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NRL legend Matty Johns under fire for 'dangerous and offensive' Hitler joke

The Matty Johns Show has been slammed for airing a tasteless joke about Adolf Hitler during the program on Sunday night.

An image of the Nazi leader was mocked up in a photoshopped image of the crowd during the Manly Sea Eagles and Canterbury Bulldogs match as part of the NRL's fan-in-the-stand initiative while spectators are unable to attend games due to COVID-19.

Hitler was pictured alongside Channel 9's Richard Wilkins, with the program being blasted on social media after the image went viral.

'Please tell me this didn't actually happen,' Federal MP for Macnamara Josh Burns tweeted. 

A photoshopped image of Adolf Hitler (pictured left) appeared on the Matty Johns Show on Sunday night

The image was doctored up for a joke as part of the NRL's fan-in-the-stand initiative while fans are unable to attend games due to COVID-19. Pictured: Matty John with his wife Patricia at 'The Final Winter' premiere in August 2007

'Sickening. The NRL has really worked hard to change the culture around league and it's definitely improving so I'm disappointed that someone in 2020 would think Hitler jokes are funny and try and dump them in it,' one fan posted on Twitter.

'I understand people can get precious about things and very easily offended but this is not one of those times. You can't make jokes about Hitler,' another fan wrote.

'Absolutely disgraceful!' another fan posted. 'How does something like this make the cut?' 

CEO of the Executive Council of Australian Jewry Alex Ryvchin said the program should tell their viewers it's not on.

'This sort of stupidity, the casualisation of Hitler, Nazis, and by extension their crimes, is what leads to swastikas being graffitied throughout our cities and school kids being harassed with gas chamber jokes,' Mr Ryvchin posted.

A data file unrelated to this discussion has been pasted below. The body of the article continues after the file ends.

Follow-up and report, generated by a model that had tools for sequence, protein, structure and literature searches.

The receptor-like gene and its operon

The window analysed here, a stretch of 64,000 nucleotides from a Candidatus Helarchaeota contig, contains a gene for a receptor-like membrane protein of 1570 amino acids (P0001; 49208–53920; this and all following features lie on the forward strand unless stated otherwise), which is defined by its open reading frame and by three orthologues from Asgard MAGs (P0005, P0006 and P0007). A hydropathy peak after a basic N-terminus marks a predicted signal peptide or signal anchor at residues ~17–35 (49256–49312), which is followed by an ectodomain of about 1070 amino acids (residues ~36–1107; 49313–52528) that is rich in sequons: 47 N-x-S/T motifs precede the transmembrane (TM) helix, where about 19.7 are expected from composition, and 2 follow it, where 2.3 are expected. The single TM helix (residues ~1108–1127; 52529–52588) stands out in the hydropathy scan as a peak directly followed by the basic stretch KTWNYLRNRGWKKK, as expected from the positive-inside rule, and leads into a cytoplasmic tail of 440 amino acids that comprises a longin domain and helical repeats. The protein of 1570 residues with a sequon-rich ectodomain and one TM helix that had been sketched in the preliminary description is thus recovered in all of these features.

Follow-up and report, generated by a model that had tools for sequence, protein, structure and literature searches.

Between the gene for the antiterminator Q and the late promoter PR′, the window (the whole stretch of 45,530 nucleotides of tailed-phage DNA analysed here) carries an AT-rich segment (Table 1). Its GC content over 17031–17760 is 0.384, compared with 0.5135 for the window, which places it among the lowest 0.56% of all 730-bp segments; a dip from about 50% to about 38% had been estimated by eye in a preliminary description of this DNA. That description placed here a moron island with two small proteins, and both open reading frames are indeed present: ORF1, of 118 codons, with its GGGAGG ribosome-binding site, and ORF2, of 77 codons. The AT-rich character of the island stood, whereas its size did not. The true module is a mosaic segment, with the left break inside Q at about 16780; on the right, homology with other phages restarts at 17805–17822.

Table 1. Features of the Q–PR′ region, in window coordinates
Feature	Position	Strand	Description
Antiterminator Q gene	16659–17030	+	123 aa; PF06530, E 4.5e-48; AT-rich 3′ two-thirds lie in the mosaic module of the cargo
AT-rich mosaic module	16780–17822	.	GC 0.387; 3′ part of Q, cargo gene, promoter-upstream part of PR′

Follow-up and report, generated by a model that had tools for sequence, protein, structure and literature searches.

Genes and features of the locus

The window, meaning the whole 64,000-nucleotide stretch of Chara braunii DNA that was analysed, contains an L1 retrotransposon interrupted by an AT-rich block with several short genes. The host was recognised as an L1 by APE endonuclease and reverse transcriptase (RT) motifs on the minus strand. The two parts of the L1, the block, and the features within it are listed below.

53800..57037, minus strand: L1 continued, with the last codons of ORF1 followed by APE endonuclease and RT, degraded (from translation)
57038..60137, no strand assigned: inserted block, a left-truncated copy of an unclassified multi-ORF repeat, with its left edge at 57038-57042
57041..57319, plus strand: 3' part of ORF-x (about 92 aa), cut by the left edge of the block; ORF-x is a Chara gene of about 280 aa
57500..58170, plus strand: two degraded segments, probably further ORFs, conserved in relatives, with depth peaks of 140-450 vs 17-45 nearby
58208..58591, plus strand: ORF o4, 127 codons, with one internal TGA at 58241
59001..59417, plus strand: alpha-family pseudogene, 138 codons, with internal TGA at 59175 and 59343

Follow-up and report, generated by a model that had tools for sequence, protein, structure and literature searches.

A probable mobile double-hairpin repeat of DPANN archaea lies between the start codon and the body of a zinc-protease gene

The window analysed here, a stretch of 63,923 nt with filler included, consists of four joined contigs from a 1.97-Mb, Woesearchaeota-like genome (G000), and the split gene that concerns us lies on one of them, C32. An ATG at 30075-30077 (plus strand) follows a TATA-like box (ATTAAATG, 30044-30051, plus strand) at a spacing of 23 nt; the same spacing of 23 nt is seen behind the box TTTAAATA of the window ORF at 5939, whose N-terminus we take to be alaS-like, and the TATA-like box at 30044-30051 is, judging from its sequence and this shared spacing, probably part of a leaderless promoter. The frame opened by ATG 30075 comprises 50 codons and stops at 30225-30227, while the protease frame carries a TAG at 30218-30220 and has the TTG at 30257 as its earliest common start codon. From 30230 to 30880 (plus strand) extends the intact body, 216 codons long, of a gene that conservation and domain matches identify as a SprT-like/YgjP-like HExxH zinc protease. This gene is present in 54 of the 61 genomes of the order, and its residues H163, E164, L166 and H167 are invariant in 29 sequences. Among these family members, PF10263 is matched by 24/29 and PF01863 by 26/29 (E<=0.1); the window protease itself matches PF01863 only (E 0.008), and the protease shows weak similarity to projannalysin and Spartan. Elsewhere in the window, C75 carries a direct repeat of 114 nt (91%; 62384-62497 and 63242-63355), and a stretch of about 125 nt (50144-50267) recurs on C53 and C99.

Eagle-eyed footy fans spot British serial killer Harold Shipman at the Newcastle Knights v Penrith Panthers game on Sunday

Daily Mail Australia has contacted Fox Sports for comment.

Pranksters have hijacked the NRL's fan-in-the-stand initiative with a family dog, Boris Johnson's embattled chief adviser and one of the world's most prolific serial killers all making an appearance at the weekend's fixtures.

Round three action returned to television screens in Australia and across the world after a 10-week hiatus due to the coronavirus lockdown.

But with matches played at empty stadiums, the game's administrators wanted to bring in a few fun ideas to liven-up the broadcast.

As well as automated crowd noises, the NRL also launched an initiative where supporters can have a cardboard cutout of themselves in the grandstand.

A portion of the $22 fee also goes to the mental health charity Gotcha4Life.

In Friday night's matchup between the Sydney Roosters and the South Sydney Rabbitohs the camera zoomed in a cardboard cutout of a dog, to the laughter of commentators

In Friday night's matchup between the Sydney Roosters and the South Sydney Rabbitohs the camera zoomed in a cardboard cutout of a dog, to the laughter of commentators.

'My dog was just on national TV. Best $22 I've ever spent,' the dog owner wrote on Twitter.

At the same game, the UK Prime Minister's chief political adviser Dominic Cummings was also spotted.

The besieged archetype of the Brexit campaign has come under fire recently after he breached coronavirus lockdown rules by travelling over 400km to his parents' farm in Durham.

While fans mostly appreciated the political jab on social media, it was at the Penrith Panthers vs Newcastle Knights match where things took a more sinister tone.

Eagle-eyed footy fans noticed a cutout of Harold Shipman - also known as Dr Death.

The UK Prime Minister's chief political advisor Dominic Cummings was also spotted in the stands

'(I) am absolutely loving the panthers v Knights in sunny England but not sure why serial killer Harold Shipman is in the stands,' a user posted to Twitter.

The English GP was convicted of 15 murders in January 2000, but authorities believe he may have killed up to 250 patients in his care.

He died by his own hand in prison in 2004, aged 57.

'We wanted to make sure the lifeblood of the NRL, our members and fans, had the chance to pull on their jerseys, don their club colours and support in a really fun way,' NRL head of marketing Peter Jarmain told NRL.com when the initiative was launched.

'I know the players and clubs will appreciate the support, even if the fans aren't able to shout, celebrate and jump around for the tries and hits as they usually would.'

The NRL is the first sport in Australia to return to competition after the COVID-19 shut down.

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